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How a C/C++ Program Works


A program written in C/C++, is compiled into a binary or executable file and stored on the hard disk. To do anything useful this executable file has to be loaded into a process by the operating system from where the microprocessor can execute it.

Once an executable has been loaded into a process, the processor will start executing its code from a well known entry point usually written as the one and only main function in our program. The process is given resources by the operating system which among other things consists of:

Stack Memory - To hold auto variables, function parameters and return values. When your code invokes a function, its parameters are pushed on to the stack, its return value is implicitly pushed on to the stack and its variables are also pushed on to the stack. The called function is now logically on top of the stack. When the function ends its local variables are popped of the stack and hence local variables are also called auto variable. The size of stack memory is limited and to hold larger collections of data, we use the heap.

Heap Memory - This memory can be allocated on demandfrom our program and used to the extent of RAM limit available in the system. A reference of the address location of memory allocated to our program has to be held and later passed on explicitly for deallocation to the runtime system. This is done through a mechanism called pointers.

File Handles - This memory is used to hold file handles of open files in our program in a file handle table.

Variables in our program may be classified as data variables and pointers. Data variables are created on the stack and their address is represented in our program as a variable name. The data is stored starting from the first byte of the location. The range of bytes used to store the data depends on the type of the variable.

Pointer variables are also created on the stack but they can only hold addresses of other variables which may be on the stack or on the heap. The data held at the location indicated by the pointer can be indirectly accessed using the pointer this is known as de-referencing the pointer.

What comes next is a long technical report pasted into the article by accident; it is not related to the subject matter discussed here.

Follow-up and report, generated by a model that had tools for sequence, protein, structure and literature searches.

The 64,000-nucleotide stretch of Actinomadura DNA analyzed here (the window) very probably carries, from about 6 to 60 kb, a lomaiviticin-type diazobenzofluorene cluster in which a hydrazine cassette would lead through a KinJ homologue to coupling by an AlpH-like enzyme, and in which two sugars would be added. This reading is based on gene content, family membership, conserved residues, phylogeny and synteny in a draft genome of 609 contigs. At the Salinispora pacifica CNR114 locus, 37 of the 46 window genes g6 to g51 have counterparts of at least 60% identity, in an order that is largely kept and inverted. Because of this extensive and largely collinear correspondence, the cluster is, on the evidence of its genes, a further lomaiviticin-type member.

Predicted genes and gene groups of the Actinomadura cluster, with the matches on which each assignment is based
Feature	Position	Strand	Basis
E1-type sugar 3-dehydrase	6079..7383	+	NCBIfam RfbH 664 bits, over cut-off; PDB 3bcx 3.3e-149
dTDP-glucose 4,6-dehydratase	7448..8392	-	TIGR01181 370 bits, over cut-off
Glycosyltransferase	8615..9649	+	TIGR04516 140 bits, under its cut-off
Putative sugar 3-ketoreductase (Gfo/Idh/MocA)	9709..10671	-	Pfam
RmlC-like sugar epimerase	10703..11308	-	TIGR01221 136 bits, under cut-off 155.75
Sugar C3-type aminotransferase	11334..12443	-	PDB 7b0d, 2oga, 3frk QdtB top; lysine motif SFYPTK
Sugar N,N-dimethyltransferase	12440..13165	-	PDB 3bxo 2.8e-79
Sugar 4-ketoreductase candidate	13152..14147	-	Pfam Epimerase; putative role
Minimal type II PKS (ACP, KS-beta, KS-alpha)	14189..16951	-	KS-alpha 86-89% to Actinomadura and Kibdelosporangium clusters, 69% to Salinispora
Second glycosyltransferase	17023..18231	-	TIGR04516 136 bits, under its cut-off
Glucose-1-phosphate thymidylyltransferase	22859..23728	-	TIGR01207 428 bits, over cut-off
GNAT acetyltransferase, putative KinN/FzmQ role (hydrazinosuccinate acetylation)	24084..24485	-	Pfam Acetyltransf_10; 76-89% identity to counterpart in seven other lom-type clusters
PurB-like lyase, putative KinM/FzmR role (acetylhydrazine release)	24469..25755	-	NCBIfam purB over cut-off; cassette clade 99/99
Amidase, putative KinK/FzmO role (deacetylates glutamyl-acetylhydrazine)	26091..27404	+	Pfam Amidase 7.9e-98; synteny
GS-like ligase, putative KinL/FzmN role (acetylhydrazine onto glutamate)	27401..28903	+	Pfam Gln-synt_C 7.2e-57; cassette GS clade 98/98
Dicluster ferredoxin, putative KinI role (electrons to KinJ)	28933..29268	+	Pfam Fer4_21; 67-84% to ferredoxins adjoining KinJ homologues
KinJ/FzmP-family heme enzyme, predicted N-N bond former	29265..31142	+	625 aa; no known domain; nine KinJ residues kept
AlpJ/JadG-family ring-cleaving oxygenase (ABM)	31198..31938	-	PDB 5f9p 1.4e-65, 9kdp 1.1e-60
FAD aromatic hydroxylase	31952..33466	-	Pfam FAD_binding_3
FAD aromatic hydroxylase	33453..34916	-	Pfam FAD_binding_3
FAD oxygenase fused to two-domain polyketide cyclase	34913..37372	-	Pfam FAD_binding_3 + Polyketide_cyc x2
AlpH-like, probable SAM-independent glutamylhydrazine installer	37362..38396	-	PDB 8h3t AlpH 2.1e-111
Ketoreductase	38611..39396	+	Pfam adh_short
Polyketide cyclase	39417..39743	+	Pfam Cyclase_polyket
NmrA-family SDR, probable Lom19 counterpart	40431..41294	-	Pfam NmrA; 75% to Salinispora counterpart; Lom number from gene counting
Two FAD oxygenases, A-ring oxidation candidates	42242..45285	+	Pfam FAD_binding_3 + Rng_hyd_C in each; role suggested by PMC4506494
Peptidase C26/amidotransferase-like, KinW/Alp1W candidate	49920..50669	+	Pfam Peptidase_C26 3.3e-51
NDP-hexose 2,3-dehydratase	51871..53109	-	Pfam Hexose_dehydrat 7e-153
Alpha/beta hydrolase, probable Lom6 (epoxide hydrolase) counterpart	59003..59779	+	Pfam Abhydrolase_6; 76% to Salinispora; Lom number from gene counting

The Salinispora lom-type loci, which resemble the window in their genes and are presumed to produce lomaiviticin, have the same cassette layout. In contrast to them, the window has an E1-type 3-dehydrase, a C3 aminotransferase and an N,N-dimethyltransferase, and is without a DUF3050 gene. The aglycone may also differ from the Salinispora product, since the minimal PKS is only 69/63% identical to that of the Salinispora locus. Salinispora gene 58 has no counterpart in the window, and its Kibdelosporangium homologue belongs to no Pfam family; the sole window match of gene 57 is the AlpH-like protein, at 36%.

Memory can be dynamically allocated to a pointer on the heap. The size of memory allocated depends on the data type of the pointer. the pointer will hold the address of the location as long as we require. When we finish with the memory allocated, we have to explicitly deallocate the pointer which results in the pointer holding an address at which our program no longer controls memory. We have to deinitialize the pointer by setting its contents to zero or NULL.

This has been the trend with most C/C++ runtimes so far, but it may change given that now we are at the threshold of 64 bit computing and embedded computing on more powerful devices.


That's and interesting summary of how an Operating System might treat a compiled C program. But I can't find anything in that summary which relates to the C language (or C++). It seems more to be an explanation of how an Operating System might manage any compiled executable, irrespective of which language, if any, might have been used by its author when writing the source.

The impession I've gained from this seems to apply more to specific Operating Systems, rather than to languages, but I can't see a reference to the Operating System which is being described. The clue to this article's basis in a specific OS is the remark "we have to explicitly deallocate the pointer". Clearly an operating system could require that of an application or could manage memory allocation itself. But again, that would be a feature of the OS (or to be more precise, the task management element of an OS) and definitely NOT a function of a programming language.

I could go on in this vein: it would be possible to implement a task manager to handle the executable code from a C compiler on a machine which did not have a stack pointer, or even to handle the executable code from a C compiler which did not generate code for functions using the machine's stack.

I'd be interested to know if this summary was intended to refer to any feature(s) of the C language?
Dear kashokshenoy,
You mentioned the entry function is main() yes it is partially correct.
If you see the code(assembly) then you will see there is a start-up code. which is linked at the time of linking.
that part (start-up code) is the really entered while the OS executes the compiled program.
Next the start-up code calls the main() function.
and now your code starts executing.

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